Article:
During a World Trade Organization (WTO) conference in September, Gordon Brown, former prime minister of Britain, openly expressed a concern that has been gradually gaining attention among European leaders.
The speaker expressed concern about Europe becoming trapped between America and China, forced to choose between being under Chinese or American control. This could result from the growing competition between the two nations, creating a world with two opposing power centers.
“Despite Europe’s continual preference for America, upon whom it relies for security, it recognizes that its economic stability, more so than that of the USA, is heavily reliant on trade,” stated Mr. Brown. He has transitioned from UK politics to holding prominent positions at the United Nations, focusing on international matters.
The idea of the global economy breaking apart due to the breakdown of rules and connections, known as “geo-economic fragmentation,” was once seen as unlikely. However, it is now a major topic of discussion at the upcoming annual meeting of economic leaders held by the International Monetary Fund (IMF) in Marrakech, Morocco.
Europe, whose economic prosperity has long been dependent on trade, is facing a particularly urgent situation. This has been the case since its history of aggressive colonization and continues through its transformation into a self-proclaimed advocate for WTO regulations.
The European Union (EU) is composed of 27 countries and is the largest trade bloc in the world, responsible for 16% of global imports and exports. This also means that they heavily depend on goods from other regions, including essential raw materials and blood plasma.
However, there has been an increase in tariffs and trade restrictions as governments attempt to combat the rise of populist opponents who have garnered support from those who feel neglected by the rapid globalization of the past two decades, including China’s integration into the global trade market.
Both the US and Europe have been toughening their position against Beijing, emphasizing the importance of fair application of global trade regulations. However, some experts suggest that Washington is currently pushing the limits of these rules.
Brad Setser, a trade expert who has provided counsel to the Biden administration, stated to a group in Brussels last month that Europe’s strong commitment to upholding WTO principles may hinder its potential for collaboration with the United States due to the other two major powers not fully adhering to these principles.
One sign of that was the strain in talks on a US-Europe “green steel” club erecting trade barriers to box out China. The main EU concern is that the U.S. proposals could break WTO rules by discriminating against third parties.
In 2020, European governments were relieved when Joseph R. Biden became president, replacing Donald Trump. However, they now acknowledge that the US no longer has a consensus for free trade and they must adjust before the 2024 election, which could bring Mr. Trump back to the White House.
“European companies must be ready for potential drastic situations in which they are compelled by the US to exit China,” cautioned a report discussed at a meeting of EU finance ministers in the previous month titled “Addressing Europe’s Economic Insecurity.”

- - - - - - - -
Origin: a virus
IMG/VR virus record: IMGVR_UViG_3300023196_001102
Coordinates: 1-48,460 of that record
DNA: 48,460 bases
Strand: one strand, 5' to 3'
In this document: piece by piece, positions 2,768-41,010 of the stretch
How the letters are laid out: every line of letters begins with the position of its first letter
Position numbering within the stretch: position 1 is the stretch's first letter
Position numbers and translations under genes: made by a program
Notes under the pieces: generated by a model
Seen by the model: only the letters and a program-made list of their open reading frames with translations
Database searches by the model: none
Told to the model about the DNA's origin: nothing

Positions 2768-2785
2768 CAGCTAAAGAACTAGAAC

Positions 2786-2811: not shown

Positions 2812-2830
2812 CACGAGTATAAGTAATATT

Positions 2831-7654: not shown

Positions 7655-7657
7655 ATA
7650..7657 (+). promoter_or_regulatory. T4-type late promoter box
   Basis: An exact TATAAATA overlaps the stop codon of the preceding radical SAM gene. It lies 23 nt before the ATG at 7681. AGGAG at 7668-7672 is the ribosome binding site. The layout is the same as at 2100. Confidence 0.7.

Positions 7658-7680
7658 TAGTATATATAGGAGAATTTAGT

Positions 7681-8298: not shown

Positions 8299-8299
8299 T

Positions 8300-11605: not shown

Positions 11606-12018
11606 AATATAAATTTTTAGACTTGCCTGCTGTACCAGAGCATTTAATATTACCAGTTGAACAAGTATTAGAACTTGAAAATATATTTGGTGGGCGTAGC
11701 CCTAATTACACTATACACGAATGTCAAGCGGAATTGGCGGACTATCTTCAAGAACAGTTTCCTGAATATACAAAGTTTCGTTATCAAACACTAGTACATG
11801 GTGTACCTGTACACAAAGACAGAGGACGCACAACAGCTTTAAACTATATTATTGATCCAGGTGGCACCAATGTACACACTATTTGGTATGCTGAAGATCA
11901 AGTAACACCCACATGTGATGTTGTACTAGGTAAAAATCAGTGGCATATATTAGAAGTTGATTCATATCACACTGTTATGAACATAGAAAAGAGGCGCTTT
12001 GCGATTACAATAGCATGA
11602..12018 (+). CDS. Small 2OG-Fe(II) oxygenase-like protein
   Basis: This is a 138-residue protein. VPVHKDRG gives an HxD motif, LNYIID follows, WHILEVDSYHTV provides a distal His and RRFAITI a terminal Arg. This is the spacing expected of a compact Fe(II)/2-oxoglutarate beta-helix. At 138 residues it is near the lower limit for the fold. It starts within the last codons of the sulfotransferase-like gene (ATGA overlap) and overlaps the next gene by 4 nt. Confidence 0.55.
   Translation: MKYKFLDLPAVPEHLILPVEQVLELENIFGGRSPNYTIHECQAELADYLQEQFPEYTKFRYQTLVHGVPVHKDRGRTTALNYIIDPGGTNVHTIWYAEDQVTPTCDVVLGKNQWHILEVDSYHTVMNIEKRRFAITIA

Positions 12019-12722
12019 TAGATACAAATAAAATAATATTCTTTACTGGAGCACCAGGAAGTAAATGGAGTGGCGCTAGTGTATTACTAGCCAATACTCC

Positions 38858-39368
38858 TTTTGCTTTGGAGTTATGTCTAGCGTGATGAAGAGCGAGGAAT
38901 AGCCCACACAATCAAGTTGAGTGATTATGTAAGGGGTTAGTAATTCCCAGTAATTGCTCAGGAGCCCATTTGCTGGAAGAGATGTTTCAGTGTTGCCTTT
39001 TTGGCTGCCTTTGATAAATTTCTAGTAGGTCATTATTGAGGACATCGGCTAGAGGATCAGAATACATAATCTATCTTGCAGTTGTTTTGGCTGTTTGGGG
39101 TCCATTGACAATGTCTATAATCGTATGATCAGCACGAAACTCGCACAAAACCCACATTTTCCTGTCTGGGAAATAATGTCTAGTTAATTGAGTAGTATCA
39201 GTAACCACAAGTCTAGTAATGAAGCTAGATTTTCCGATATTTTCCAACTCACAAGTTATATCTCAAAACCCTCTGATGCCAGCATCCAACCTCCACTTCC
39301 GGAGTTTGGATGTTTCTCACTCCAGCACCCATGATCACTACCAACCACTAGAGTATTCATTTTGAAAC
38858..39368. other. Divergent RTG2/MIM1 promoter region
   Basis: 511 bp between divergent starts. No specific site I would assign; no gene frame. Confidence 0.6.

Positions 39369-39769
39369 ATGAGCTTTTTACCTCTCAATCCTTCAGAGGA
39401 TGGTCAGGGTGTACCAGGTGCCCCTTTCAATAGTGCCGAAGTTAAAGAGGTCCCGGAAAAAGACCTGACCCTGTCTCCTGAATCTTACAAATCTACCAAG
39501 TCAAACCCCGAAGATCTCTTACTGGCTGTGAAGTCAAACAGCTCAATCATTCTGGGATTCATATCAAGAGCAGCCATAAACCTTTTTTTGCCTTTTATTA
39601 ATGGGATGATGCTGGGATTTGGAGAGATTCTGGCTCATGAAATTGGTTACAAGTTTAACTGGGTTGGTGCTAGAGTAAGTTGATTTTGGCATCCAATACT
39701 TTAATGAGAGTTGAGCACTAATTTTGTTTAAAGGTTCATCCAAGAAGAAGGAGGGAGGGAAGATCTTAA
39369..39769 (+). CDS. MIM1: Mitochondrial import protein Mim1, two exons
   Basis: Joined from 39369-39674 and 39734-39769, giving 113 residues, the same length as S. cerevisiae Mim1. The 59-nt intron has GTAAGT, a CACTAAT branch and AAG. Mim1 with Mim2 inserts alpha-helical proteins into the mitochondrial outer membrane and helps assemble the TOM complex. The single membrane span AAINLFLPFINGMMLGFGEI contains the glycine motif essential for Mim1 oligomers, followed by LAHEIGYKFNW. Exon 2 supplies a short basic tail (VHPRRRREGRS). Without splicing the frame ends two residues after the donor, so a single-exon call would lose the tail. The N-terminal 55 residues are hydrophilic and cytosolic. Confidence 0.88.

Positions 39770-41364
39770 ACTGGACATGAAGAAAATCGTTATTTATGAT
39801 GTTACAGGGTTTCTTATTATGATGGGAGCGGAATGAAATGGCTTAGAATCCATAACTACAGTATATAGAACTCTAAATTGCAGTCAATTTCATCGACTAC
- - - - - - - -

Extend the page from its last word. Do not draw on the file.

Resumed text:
Although the current policy of the US does not include imposing strict sanctions on China, a document from the EU, which was viewed by Reuters, acknowledged that the bloc is ill-equipped to handle a world of political competition and power struggles that could lead to these types of consequences.
European leaders will convene in Spain in the coming week to begin outlining a plan for economic stability in order to tackle the vulnerabilities of the region. Their aim is to reach a consensus by the end of the year.
It will be challenging.
One important consideration is determining which technologies should be subject to stricter export controls and scrutiny of outgoing investments. This may involve balancing security concerns with potential benefits for the nation’s economy.
Alternatively, European Union member states may be required to provide significant funding in the billions of euros to support the growth of local industries in strategic technologies that have yet to be determined.
They will proceed with caution knowing that any actions may anger Beijing. This could have a greater impact on German exporters who are focused on China compared to others.
According to Wang Huiyao, the head of the Center for China and Globalization think tank in Beijing, Europe should consider its historic cultural connections and economic investments in China when developing its policies.
According to him, it is necessary for the EU to have a different approach towards China compared to the US. He believes that issues regarding human rights and ideology can be resolved through communication.
In the end, practical politics may pressure Europe to take action.
According to an analysis by the IMF conducted this year, it would be most beneficial for Europe to maintain open relationships with both the US and China if the world economy were to divide along those two axes. However, it was also noted that Europe may incur significant consequences if this approach leads to increased barriers between itself and the US.
Petra Sigmund, a German government representative who helped create Berlin’s strategy towards China, acknowledged that Europe and the United States do not always agree on China. However, during a recent event hosted by a think tank, she mentioned that the Biden administration has demonstrated a strong desire to resolve any differences.
“We are optimistic that this will continue after the US election.” – Reuters